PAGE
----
Another five – Boston, Houston, Texas, Pittsburgh and the Cubs – were like the fourth little piggy and had none. (The Red Sox did trade away two, however.) But one playoff team to be found in this bunch, it might be noted.

Of these 48 pitchers with perfect attendance, the performance of six would seem to qualify them as modern day Iron Men – guys who show up every day and stay late. They are among a group of only nine pitchers who worked at least seven innings in a minimum of 60 percent of their starts. Take a bow, David Price (26 out of 34, 77%); Adam Wainwright (24 out of 32, 75%); King Felix (24-34, 71%); Johnny Cueto (23 out of 34, 68%); the ubiquitous Mr. Samardzija (21 out of 33, 64%); and Corey Kluber (21 out of 34, 62%). Also, please stand and be recognized, Brother Kershaw (22 out of 27, 82%); Cole Hamels of Philadelphia (22 out of 30, 73%); and the Angels’ Garrett Richards (17 out of 26, 65%).

Across the board, MLB pitchers delivered a “Long Start” (7+ innings) 1,520 times this season, nearly a third (31.3 percent) of all starting assignments. Seven teams, led by the Reds with 70,exceeded 60 LS’s; four squads, the Rockies (22), Rangers (36), Yankees (39) and division-winning Orioles (40), pitched “long” in less than 25 percent of their outings.

Nowadays, a Complete Game rendered by a starting pitcher occurs about as often as a successful execution of the hidden ball trick. Not surprisingly, Kershaw (once again) tops this chart with six CG’s, a total that exceeds that of 23 teams. Wainwright and Houston youngster Dallas Keuchel each went the distance on five occasions. The leading teams in this area with a mere eight were – no, not Kershaw’s Dodgers, but the competitors in this year’s NLDS, Wainwright’s Cards and the Giants.

For the third consecutive season, the overall frequency of CG’s fell, down to 118 this time around – the second-fewest, like, EVER.

The McGinnity Measure

Cousin Horatio and I have conjured up a calculation designed quantify a combination of a starting pitcher’s endurance and his overall effectiveness in terms of wins and losses. (A discussion of the “theory” behind this concept is available here.) The formula uses CG’s and LS’s along with game outcomes on both an individual and team basis. The math yields a per-start rating that is similar in appearance and range to a slugging percentage. (A small percentage of the “scores” – 11 of 130 – were negative, that is, less than zero.)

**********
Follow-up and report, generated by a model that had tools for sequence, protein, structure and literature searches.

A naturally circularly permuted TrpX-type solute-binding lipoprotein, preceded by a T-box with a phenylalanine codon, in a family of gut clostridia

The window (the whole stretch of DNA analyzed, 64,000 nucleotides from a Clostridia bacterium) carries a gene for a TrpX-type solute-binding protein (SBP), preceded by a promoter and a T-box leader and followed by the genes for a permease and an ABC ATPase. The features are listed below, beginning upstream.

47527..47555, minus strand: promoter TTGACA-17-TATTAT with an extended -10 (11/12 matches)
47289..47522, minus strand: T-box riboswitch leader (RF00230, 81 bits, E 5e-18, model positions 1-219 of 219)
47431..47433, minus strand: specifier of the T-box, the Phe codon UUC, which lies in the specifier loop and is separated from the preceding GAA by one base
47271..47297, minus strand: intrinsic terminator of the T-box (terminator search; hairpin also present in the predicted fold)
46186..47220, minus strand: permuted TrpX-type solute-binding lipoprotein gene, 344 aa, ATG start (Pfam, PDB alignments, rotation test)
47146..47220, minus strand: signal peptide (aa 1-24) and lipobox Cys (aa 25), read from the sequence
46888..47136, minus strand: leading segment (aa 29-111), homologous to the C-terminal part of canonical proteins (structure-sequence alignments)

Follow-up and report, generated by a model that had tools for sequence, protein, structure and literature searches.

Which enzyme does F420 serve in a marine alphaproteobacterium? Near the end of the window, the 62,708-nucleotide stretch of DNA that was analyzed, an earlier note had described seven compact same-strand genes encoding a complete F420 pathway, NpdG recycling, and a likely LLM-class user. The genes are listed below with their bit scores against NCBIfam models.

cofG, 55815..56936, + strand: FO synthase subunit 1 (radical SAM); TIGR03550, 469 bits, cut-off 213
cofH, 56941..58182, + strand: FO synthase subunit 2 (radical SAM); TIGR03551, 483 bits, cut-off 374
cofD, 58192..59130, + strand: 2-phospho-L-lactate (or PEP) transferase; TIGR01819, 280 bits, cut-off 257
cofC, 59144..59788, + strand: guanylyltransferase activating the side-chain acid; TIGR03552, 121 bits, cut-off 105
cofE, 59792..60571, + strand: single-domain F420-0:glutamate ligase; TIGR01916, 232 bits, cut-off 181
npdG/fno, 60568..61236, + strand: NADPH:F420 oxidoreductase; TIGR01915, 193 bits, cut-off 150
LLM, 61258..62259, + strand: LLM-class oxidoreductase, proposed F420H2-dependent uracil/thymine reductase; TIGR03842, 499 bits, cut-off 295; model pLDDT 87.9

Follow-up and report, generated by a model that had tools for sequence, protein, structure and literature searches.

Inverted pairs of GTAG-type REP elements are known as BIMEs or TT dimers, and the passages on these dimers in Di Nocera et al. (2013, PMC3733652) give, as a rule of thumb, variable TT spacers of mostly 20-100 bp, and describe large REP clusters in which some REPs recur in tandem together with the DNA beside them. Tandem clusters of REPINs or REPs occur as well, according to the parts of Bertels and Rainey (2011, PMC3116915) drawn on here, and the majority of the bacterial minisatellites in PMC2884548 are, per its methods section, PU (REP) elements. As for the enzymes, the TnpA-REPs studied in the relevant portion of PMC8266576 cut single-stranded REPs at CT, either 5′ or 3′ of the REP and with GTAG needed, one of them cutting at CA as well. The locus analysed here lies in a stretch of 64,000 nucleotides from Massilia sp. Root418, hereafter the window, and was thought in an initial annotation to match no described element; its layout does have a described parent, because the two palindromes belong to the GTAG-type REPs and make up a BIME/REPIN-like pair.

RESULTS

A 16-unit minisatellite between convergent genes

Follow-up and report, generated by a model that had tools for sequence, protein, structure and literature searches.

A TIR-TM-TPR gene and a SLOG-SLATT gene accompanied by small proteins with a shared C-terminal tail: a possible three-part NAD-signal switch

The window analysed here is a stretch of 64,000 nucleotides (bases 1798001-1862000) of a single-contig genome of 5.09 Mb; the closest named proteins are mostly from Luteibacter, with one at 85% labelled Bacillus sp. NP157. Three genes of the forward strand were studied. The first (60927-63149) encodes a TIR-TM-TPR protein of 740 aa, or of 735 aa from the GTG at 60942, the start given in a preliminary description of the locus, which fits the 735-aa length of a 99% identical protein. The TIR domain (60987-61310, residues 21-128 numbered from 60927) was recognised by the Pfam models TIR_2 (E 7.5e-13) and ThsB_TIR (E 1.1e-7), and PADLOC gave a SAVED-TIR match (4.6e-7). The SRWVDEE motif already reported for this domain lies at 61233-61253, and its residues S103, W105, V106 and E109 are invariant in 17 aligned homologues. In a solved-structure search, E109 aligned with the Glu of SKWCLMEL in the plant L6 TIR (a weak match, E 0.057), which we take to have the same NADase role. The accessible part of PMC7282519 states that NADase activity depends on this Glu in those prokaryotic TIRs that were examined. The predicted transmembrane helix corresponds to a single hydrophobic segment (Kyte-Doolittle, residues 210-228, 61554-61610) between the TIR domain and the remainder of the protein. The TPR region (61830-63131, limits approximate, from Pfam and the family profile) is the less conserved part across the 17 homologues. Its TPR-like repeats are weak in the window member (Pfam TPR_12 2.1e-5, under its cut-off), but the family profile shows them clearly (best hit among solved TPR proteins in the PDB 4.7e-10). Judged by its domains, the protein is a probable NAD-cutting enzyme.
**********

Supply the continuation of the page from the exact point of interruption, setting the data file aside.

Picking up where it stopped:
Among American League pitchers with at least 25 starts, the three guys that best emulated Joe “Iron Man” McGinnity were Felix Hernandez, David Price and Corey Kluber, who each graded out at 1.970. The AL Top Ten is rounded out by Scherzer (1.939), Lester (1.844), Keuchel (1.724), Chris Sale of the White Sox (1.692), Hughes (1.687), Shields (1.529) and Seattle's Hisashi Iwakuma (1.500).

The true Iron Men, like McGinnity himself, represent the Senior Circuit, however, Kershaw yet again the top dog at a whopping 3.645. Three other could have been AL-best – Wainwright (2.594), Cueto (2.205) or Washington's Doug Fister (2.040). The rest of the elite: Bumgarner (1.727), Zimmerman (1.594), Alvarez (1.567), Hamels (1.466), Atlanta’s Julio Teheran (1.454) and Jake Arrieta of the Cubs (1.360).

(At my age, it’s nice to see an old war-horse like the Mets’ Bartolo Colon, at 1.323, scoring in the upper echelon by these standards.)

Most Valuable Starting Pitcher

This final little measuring stick is designed to evaluate a starting pitcher’s contribution to his team’s overall performance. Does not, for example, Niese’s afore-mentioned 50/50 split for a lousy team outshine the same performance from Haren for a top-tier squad?

At the risk of a little shameless self-promotion, I’ll point out that this “metric” (explained below*) has correctly identified four of the six Cy Young winners over the last three seasons. Essentially, the numerical value is the difference between the player’s showing and the team’s – a .500 pitcher scores +100 for a .400 team, but scores -100 for a .600 team. (A score for all 20-game starters can be seen here.)

Here are the Top Tens (again, minimum 25 starts):

AL   --   NL

Sale (213)  --  Kershaw (284)

Scherzer (199)  --   Cueto (200)

Hughes (188)  --  Arrieta (183)

Lester (170)  --  Josh Collmenter, Az (172)

Keuchel (147)  --  Alvarez (170)

Hernandez (144)  --  Jorge De La Rosa, Col (155)

Richards (143)  --  Wainwright (149)

Kluber (132)  --  Cosart (137)

Collin McHugh, Hou (103)  --  Zimmerman (135)

Tillman (102)  --  Fister (131)

The 2014 Cy Young Goes To …

Post-season strife notwithstanding, Kershaw’s selection is a no-brainer.

But the American side lacks not for candidates – Scherzer again, Price redux, Kluber for a change? Has Sale been valuable enough? Do all Tillman’s wins put him in the discussion?

Kluber’s strong close – five winning decisions in a row, all LS’s, one a CG – for a still-contending team may well have put him over the top.

*Abacus Starting Pitcher Index

We'll identify the pitcher's won-loss record in his starts (decisions from relief appearances not allowed), as well as the team's record in all his starts (including No-Decisions).  Simply take the average of these two percentages; then just subtract the team's final winning percentage.

Example A:  33 starts -- player (16-7, .696), team (21-12, .636); team overall (85-77, .525).  So, the equation becomes: [(696 + 636) / 2] - 525 = 666 - 525 = +141.

Example B: 32 starts -- player (10-14, .417), team (15-17, .469); team overall (76-86, .469).  The calculation this time: {(417 + 469) / 2} - 469 = 443 - 469 = -33.